You are likely here because the answer to your question is the same as it was the last few hundred times it was asked and answered. Follow the documentation link near the top of the page and read the wiki section that applies, or take the other advice in the appropriate section:
If you were referenced to answer #1 read the downloading faq, which includes testing and burning information, including information about what is the most common burning error that leads people to wrongly say "the disc must be good, it worked on a different system". All of the information in this FAQ is important.
If you were referenced to answer #2 then read the HDD install information, particularly the warning that this is not a good idea for a new user, and some of the problems that you will encounter if you insist on doing a hard disk install with this Live CD/DVD. Also consider the advice of the great philosophers Mr. T and Nelson.
If you were referenced to answer #3, it's most likely because you want network help, but have omitted critical information about your network, like what NIC hardware you are using, what router (make and model), or even what type of service you have (DSL is different than cable, we need to know if we are going to help). It also helps if you give people the result of simple basic commands, like netcardconfig and ifconfig. If your response has USB in it anywhere someone may still help you, but I will not be responding. USB is an awful technology to mix with networking and causes awful problems. If your ISP provided USB equipment, insist on true ethernet interfaces instead, and see #9 below.
If you were referenced to answer #4 I just want to share with you a simple tip. While you may be able to get your system working without a router, I really don't understand any logic in not using one any more (DSL systems without routers require running PPPoE or similar software that I do not use). These things are now dirt cheap (I've seen many, wired, wireless and even 802.11g high speed routers for under $10 and as low as $2.99 after rebate [one was even "free"]). Even without sales or rebates these can be purchased in most countries for under $30 (U.S. dollars). These devices take care of all Knoppix Internet setup for you by DHCP and provide you an important level of NAT firewall security. They use far less electricity than a windows box running "connection sharing" software, and you'll find that not giving windows a chance to impact your Linux connection is a wise move. If you are running Knoppix then a router will make your high speed connection much cleaner. In fact, while we have had a few problems with some routers not DHCP handshaking with Knoppix properly, by far the most common problem that we see with router users is that they think it's harder to get Knoppix set up for Internet access than it is and look for network configuration procedures when they are already on the Internet, like in this example. And if you are still running Windows then you are asking for trouble if you are not using one. Some modems now include a router, so check if your does and if it is enabled before buying a router. Wireless networking is not well supported in Knoppix; see the wireless networking section of the wiki for details.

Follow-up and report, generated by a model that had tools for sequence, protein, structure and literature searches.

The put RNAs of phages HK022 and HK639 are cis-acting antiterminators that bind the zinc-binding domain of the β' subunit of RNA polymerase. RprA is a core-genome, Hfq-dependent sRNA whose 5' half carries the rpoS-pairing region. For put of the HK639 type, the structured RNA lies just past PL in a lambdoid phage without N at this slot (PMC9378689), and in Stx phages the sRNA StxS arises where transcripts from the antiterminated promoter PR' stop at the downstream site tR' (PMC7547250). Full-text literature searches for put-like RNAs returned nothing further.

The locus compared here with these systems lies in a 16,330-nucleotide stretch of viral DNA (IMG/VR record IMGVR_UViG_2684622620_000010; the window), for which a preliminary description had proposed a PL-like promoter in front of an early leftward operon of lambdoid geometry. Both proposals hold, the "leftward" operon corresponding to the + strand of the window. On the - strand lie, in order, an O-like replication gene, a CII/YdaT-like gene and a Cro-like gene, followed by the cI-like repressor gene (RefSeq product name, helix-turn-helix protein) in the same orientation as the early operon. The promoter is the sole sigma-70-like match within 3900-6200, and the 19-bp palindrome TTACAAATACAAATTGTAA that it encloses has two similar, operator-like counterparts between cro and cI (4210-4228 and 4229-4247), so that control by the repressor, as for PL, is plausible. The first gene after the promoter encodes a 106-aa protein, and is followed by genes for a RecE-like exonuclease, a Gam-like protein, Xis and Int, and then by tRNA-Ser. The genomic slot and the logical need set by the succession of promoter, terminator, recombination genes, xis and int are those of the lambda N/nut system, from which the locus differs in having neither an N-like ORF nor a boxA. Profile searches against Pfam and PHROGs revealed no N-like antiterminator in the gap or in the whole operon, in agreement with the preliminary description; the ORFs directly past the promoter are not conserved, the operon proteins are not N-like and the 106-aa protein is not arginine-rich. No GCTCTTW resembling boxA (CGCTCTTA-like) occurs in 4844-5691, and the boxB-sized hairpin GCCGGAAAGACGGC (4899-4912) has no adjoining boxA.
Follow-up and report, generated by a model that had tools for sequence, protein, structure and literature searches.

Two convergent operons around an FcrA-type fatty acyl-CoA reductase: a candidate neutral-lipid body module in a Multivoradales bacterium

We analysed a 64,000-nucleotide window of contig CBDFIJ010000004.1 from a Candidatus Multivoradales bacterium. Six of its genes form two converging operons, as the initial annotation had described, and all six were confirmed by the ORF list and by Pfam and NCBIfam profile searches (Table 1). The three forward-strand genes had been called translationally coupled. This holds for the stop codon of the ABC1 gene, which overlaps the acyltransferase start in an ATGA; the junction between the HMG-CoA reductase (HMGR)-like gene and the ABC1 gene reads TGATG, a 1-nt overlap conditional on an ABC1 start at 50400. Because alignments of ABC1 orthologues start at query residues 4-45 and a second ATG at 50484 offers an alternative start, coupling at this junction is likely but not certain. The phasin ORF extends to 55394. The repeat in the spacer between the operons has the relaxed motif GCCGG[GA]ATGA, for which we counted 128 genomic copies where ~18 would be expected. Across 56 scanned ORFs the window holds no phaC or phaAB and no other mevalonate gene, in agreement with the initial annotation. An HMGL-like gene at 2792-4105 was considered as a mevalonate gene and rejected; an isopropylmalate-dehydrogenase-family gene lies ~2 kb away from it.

If you were referenced to answer #5 see the Rescue FAQ in the wiki.
If you were referenced to answer #6, yes, by default Knoppix opens all partitions (except it's own RAM drive) as read only. One primary purpose of Knoppix is to let new users see and get a feel for Linux without installing anything, and the read only approach is an effort to try to do no harm when in the hands of a new user. You can change this by using the mount command (see the shell command man mount for details) or with the following: Versions 4.0.2 and prior: by right clicking on the partition icon and using the actions ... sub-menu. Versions 5.0.1 and later: The right click menu has changed. First open the partition in Konquror by clicking on the icon for it (hda1 or your icon of choice); then once mounted go back to the icon, right click and use the "change read/write mode" option. You no longer go into the actions... sub-menu. You can't write to an NTFS partition. This is a design choice of Microsoft, not Linux or Knoppix. Don't even try; you'll likely corrupt the partition if you manage it. But Knoppix can write to FAT partitions just fine. If you don't know the difference between FAT and NTFS get to Google before you do anything else and do some research.
Starting with version 5.0.1 of Knoppix, the claim is now made that Knoppix can write to NTFS in a "limited way". I have no clue what the heck a "limited way" means. Personally I do not intend to risk my NTFS partition to this new technology just yet and I'm not going to advise others to do so untill we see some good results with meaningful information posted. If you think Knoppix now supports writing to NTFS then go right ahead, better you than me, and please let us know your results in full detail.
Starting with Knoppix 6, you may not find the default is read-only any more. But you should not take that as any indication that it is safe to write to NTFS. Quite frankly I find 6.x pretty useless and very much unsupportable, so if you are trying to use it, good luck.